Student groups at more than 60 colleges and universities across the country hosted events last Thursday, May 2, declaring “fossil freedom” as part of 350.org’s Fossil Freedom Day of Action. The “Day of Action” was meant to highlight the work students — often in partnership with alumni, faculty, and administrators — have done over the past six months to persuade their institutions to divest from fossil fuels.
Photo courtesy 350.org
The largest event took place at the steps of San Francisco City Hall, where I joined other students from around Bay Area in a rally with 350.org founder Bill McKibben and city supervisors who recently voted unanimously to push the city’s pension fund to divest $583 million from the fossil fuel industry. San Francisco was inspired to work towards divestment because of the student movement. Now they’re helping students push our colleges and universities to divest.
Fossil Free SFSU, San Francisco State University’s (SFSU) divestment campaign, hosted the Bay Area event. The group collaborated with 350.org and colleges and universities all over Northern California to create a student-led event dubbed “Divest the West To Lead the Rest!” Students carried signs depicting the various regions of the United States, with California color-coded in rainbow stripes.
“I think California has amazing potential. We have multiple universities and an extremely diverse population that can lead this movement. Fossil Freedom is for everyone!” said Alex Ansari of Fossil Free SFSU.
Having been part of the national movement to divest from fossil fuels since last year, most students wanted to close out the school year with a bang. “One! We are the movement! Two! We want divestment! Three! We will not let rest; we have the power!” chanted the crowd, that included students from the University of San Francisco, City College of San Francisco, University of California, Berkeley, and Stanford University.
Student leaders across the region are “fighting to highlight the insanity that the institutions that invest so much in our future leaders are also investing in the destruction of that future. And that’s why we’ve gathered here today,” said Deirdre Smith, the West Coast organizer for 350.org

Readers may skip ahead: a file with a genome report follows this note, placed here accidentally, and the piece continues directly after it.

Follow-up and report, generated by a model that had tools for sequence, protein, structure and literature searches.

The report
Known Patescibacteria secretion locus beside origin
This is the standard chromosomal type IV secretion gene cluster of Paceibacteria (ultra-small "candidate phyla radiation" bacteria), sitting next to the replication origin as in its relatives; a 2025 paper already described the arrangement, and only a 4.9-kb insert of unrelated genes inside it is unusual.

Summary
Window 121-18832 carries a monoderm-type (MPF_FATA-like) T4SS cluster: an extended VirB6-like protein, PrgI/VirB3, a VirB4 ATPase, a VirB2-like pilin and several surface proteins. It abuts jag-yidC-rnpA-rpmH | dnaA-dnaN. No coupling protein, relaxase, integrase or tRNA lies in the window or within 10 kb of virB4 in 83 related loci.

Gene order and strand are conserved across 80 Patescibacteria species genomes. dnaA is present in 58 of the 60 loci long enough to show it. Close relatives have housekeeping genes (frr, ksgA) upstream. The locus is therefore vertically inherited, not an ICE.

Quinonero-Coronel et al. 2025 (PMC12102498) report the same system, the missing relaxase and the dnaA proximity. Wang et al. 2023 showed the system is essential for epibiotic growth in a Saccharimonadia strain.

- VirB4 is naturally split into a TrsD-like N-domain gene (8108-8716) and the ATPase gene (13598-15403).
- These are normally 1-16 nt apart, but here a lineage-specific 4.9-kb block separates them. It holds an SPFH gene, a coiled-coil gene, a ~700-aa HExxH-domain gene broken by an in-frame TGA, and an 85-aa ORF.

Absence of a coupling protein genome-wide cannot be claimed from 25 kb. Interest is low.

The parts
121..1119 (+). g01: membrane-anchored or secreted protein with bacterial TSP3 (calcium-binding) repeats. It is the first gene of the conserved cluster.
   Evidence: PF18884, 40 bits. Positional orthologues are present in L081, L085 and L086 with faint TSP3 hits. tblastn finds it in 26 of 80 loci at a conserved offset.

The Fossil Free SFSU campaign is “made up of mostly soon-to-be graduates, and I mention that because collectively there’s this feeling sitting in our classes year after year that we can’t do anything about this,” said Nick Cicchetti, an Environmental Studies major at SFSU. “We’re getting all this information [about climate change] daily and we don’t have a platform to voice our concerns and our opinions. And this organization, 350 … came to our school in February via the West Coast organizers like Deirdre and presented this campaign to us. And we sort of hit the ground running with that, and it all happened very fast.”
As Earth Island Journal reported last year, 350.org kicked off a fossil fuel divestment campaign in November 2012, urging colleges and universities to divest their endowments. Based on the anti-apartheid divestment campaigns of the 1980s, “Fossil Free” has spread to over 300 colleges and universities in the last six months. Two hundred fossil fuel companies have been identified as posing the greatest threat to climate change.
So far, four colleges — Sterling, Unity, Hampshire, and College of the Atlantic — have committed to divest their endowments. Students have met with their boards of trustees to push for divestment on over 50 campuses and passed student body resolutions supporting the move on more than 30 campuses, including SFSU. More board meetings are scheduled for the coming weeks.